Top of the Agenda: Answers Sought in Boston Bombings
Federal and local law enforcement officials are pursuing a "potential terrorism investigation" (BostonGlobe) into the bomb explosions at the Boston Marathon yesterday, which killed three and wounded about 140 people. Authorities have made no arrests in connection with the explosions, which occurred seconds apart near the finish line of the race. U.S. president Barack Obama vowed that the perpetrators "will feel the full weight of justice" (WaPo), but stopped short of labeling the incident a terrorist attack.
"The Boston bombing is above all a reminder of the continuing need for heightened defenses against terror threats. As the years since 9/11 without a successful homeland attack increased, the temptation was to forget how vulnerable the U.S. is, and to conclude that the worst is over," says this Wall Street Journal editorial.
"Who was responsible? Again, there seemed to be a general understanding of the danger of jumping to conclusions. The nation has seen its share of foreign terrorism and homegrown terrorism attacks alike (the 1996 Summer Games in Atlanta come to mind). Sadly, any number of explanatory scenarios were plausible, absent a claim of responsibility and pending a more thorough investigation," says this Washington Post editorial.
"It is also a failure in intelligence. Bomb-sniffing dogs and technological surveillance will always have their limitations. Good intelligence is the most effective protection against large terrorist networks, small cells, and lone wolves alike. Police officials in Boston say they didn't have a warning," writes the Boston Globe's Lawrence Harmon.
China Criticizes U.S. Over Military Buildup
China's defense ministry today condemned the expanded U.S. military presence in the Pacific--part of the so-called U.S. pivot to Asia--and accused the United States of accelerating tension in the region (Reuters). The ministry's annual white paper comes amid mounting international concern over North Korea's nuclear weapons program.
SOUTH KOREA: U.S. president Barack Obama is slated to meet with South Korean President Park Geun-hye in Washington at the beginning of May to discuss economic and security matters, including "countering the North Korean threat" (BBC), the White House said yesterday.
Afghan opium production grew for a third year in a row (NYT), fueling concerns that the drug could become Afghanistan's main economic driver after international troops leave the country in 2014, according to a United Nations report released yesterday.
PAKISTAN: Former Pakistani president Pervez Musharraf, facing charges of treason (al-Jazeera) for allegedly illegally dismissing judges who opposed his presidency in 2007, failed to attend a hearing a the country's supreme court yesterday. Musharraf, who ruled from 1999 to 2008, returned to Pakistan in late March after four years in self-imposed exile.
Syria Accuses UK, France of Supporting al-Qaeda
Syrian vice-foreign minister Faisal al-Miqdad yesterday accused Britain and France of "directly or indirectly" backing al-Qaeda in their support of opposition groups trying to overthrow Bashar al-Assad's regime, calling the European powers "new colonialists" (Guardian).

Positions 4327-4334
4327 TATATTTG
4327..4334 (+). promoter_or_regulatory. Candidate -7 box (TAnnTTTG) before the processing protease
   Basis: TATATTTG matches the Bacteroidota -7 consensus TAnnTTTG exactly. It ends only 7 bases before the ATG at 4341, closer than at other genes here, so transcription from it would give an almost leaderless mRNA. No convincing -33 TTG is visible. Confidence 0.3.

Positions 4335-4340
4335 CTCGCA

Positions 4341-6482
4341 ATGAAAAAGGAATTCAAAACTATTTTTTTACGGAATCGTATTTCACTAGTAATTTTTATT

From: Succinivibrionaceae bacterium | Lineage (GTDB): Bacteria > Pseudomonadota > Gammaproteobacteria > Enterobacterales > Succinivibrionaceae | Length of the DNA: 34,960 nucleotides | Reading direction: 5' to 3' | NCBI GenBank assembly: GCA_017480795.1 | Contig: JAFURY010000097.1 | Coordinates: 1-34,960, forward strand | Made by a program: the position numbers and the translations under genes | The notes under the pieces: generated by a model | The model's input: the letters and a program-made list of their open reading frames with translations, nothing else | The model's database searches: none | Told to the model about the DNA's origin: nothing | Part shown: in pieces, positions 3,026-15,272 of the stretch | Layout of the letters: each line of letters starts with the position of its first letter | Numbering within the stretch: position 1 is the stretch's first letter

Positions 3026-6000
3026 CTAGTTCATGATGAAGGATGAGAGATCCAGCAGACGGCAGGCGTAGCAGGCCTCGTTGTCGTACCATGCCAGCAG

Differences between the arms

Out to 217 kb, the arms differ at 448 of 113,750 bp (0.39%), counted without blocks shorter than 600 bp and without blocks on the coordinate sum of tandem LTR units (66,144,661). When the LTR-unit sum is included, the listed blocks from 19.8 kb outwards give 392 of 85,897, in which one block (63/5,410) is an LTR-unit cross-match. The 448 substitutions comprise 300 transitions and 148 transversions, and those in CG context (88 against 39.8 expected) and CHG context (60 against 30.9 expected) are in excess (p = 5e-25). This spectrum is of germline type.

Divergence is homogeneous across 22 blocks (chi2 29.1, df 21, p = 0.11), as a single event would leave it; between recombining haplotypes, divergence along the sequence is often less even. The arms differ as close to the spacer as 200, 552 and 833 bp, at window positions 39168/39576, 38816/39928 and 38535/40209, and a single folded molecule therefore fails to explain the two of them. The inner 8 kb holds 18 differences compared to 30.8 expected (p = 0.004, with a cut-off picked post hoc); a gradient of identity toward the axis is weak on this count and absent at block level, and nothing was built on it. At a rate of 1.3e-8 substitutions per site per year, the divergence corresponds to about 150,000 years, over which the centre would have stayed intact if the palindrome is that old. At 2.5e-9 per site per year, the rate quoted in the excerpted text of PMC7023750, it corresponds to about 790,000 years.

TURKEY: A Turkish court yesterday handed down a suspended jail sentence to concert pianist Fazil Say for allegedly insulting Islam on Twitter (WSJ), in a ruling that has alarmed free speech advocates in Turkey.
Sub-Saharan Growth to Outpace World
Economic growth in sub-Saharan Africa--fueled in part by high commodity prices and increased investment--is set to surpass the global average over the next three years, rising above 5 percent (BBC), the World Bank said yesterday.
SOMALIA: Human Rights Watch today called for greater protection for Somalia's judges and lawyers so the country can maintain its "current focus on judicial reform" (Reuters), following a deadly weekend attack on the courts in Mogadishu by radical Islamist group al-Shabaab.
Some experts believe al-Shabaab is at its weakest point in years following an African-led counterinsurgency campaign, but others warn of the group's resiliency in an unstable Somalia, says this CFR Backgrounder.
U.S., Russian Presidents to Meet
U.S. president Barack Obama and Russian president Vladimir Putin will hold a bilateral summit (NYT) ahead of a G20 conference in Russia this fall, the Kremlin said, following meetings with U.S. national security adviser Tom Donilon yesterday. Obama and Putin will also meet on the sidelines of a G8 meeting in Northern Ireland in June.
EUROPEAN UNION: The European Parliament today voted against rescuing the floundering EU carbon market (FT). The International Energy Agency yesterday called on the EU to save the emissions trading scheme, saying it was important for the "global fight against climate change."
U.S. Senators to Present Immigration Plan
A bipartisan group of eight U.S. senators is set to make public a comprehensive immigration reform plan today that would give millions of illegal immigrants the chance to become U.S. citizens (WaPo), while creating tens of thousands of new visas for foreign workers in low-skilled jobs.
This CFR Task Force report offers a strategy for maintaining America's political and economic leadership by attracting skilled immigrants, implementing a program of legalization for those living in the United States illegally, and taking steps to secure the country's borders.